Olivocochlear efferents allow the central auditory system to adjust the functioning of the inner ear during active and passive listening. While many aspects of efferent anatomy, physiology and function are well established, others remain controversial. The auditory nervous system is continuously sensing and interpreting the sounds around us. Our ears operate as the sound detectors, transducing acoustic pressure into auditory nerve action potentials, and coding the characteristics of sounds appropriately for further processing by the central auditory system.

The ears, however, do not work as fixed sound receptors. Instead, the central nervous system can adjust their functioning, and thus the coding of sounds, via olivocochlear efferents. Olivocochlear efferents can be activated by selective attention and by sounds presented to either or both ears. Therefore, the functioning of the ears is changing dynamically over time, during natural active and passive listening. 

Anatomy of Olivocochlear Efferents

Olivocochlear efferent fibers originate in the left and right superior olivary complexes (SOCs), a project to the cochlea through the vestibular nerve, enter the basal turn of the cochlea along with auditory nerve afferent fibers, and terminate in the organ of Corti. They were first described by Rasmussen, who originally classified them into crossed and uncrossed types, depending on whether they originated in the contralateral or the ipsilateral SOC, respectively.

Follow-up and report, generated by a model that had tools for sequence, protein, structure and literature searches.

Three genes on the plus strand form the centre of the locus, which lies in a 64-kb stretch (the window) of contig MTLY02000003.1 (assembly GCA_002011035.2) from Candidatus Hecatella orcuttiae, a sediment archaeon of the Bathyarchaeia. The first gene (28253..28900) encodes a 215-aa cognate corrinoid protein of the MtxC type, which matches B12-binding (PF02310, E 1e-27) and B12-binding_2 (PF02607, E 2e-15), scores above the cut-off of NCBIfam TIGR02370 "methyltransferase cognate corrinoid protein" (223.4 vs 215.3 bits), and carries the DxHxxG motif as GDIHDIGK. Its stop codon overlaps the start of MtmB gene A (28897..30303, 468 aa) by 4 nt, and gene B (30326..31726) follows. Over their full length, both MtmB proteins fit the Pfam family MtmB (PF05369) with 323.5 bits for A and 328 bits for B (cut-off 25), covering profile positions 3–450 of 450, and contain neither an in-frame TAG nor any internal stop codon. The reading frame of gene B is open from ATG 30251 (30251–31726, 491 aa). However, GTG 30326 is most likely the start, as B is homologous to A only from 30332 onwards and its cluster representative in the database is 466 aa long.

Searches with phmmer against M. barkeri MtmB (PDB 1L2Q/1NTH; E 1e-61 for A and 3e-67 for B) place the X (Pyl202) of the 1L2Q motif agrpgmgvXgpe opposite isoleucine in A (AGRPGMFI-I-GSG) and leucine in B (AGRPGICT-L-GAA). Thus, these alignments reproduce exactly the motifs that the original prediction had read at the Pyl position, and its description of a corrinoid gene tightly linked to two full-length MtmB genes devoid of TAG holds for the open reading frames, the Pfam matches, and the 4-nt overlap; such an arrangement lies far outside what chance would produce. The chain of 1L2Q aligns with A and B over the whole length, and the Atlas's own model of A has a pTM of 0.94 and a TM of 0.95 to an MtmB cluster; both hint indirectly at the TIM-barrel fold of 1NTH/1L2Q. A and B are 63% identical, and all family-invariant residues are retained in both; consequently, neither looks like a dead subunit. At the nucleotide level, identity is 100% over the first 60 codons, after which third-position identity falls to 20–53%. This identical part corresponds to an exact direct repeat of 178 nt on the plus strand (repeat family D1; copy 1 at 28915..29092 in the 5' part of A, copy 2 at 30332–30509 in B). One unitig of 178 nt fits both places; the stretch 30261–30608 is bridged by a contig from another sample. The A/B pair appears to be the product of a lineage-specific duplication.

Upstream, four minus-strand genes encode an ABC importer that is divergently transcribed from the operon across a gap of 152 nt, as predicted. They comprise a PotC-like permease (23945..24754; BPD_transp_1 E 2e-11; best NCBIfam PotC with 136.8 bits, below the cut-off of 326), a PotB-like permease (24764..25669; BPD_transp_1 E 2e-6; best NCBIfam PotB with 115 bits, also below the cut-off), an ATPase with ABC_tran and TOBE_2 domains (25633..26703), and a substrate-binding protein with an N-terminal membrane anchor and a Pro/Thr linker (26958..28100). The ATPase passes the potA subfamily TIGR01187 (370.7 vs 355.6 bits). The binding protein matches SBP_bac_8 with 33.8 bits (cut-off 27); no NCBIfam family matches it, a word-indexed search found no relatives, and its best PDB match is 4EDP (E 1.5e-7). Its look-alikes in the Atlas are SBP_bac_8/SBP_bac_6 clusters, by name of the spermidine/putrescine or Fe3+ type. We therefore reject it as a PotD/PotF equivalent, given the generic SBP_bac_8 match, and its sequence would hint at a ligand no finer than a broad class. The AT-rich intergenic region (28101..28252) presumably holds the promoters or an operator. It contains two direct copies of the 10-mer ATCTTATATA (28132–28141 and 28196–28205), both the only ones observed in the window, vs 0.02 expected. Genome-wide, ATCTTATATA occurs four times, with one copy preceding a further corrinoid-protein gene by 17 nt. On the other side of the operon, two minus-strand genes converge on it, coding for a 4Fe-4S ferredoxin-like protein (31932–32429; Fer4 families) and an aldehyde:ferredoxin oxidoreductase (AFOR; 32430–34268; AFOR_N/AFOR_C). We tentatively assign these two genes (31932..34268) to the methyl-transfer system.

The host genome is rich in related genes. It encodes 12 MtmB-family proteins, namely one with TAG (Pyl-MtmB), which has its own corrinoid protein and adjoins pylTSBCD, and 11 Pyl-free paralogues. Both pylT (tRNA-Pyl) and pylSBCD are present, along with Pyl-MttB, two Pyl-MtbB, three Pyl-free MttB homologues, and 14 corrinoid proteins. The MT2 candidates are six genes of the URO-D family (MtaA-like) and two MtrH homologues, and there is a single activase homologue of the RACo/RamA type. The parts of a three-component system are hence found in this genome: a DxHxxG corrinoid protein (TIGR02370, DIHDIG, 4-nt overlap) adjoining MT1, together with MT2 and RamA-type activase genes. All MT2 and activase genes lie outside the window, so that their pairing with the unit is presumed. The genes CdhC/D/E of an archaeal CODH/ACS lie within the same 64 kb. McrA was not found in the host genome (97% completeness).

The anatomy of olivocochlear neurons and their projections to the cochlea varies across species. A detailed comparison of differences across species is out of the scope of this review. As reviewed, many aspects. About the anatomy, physiology, and function of olivocochlear efferents have been settled over the last few decades. Many other aspects, however, remain open.

Further research is necessary to address these and other open questions. To this end, cochlear implants offer a novel and potentially useful approach. Cochlear implants restore hearing to some deaf individuals by direct electrical stimulation of the auditory nerve; that is, they effectively function as “artificial ears.” The electrical stimulation provided by a cochlear implant bypasses the OHCs, the site of action of MOC efferents, and is independent from MOC effects.

Unlike natural efferents, the MOC effects mimicked with these strategies can be turned on and off at will, which allows within-subject comparisons of auditory performance with and without MOC efferent effects. In summary, cochlear implants offer interesting possibilities to address some of the open questions regarding the roles of olivocochlear efferents in hearing.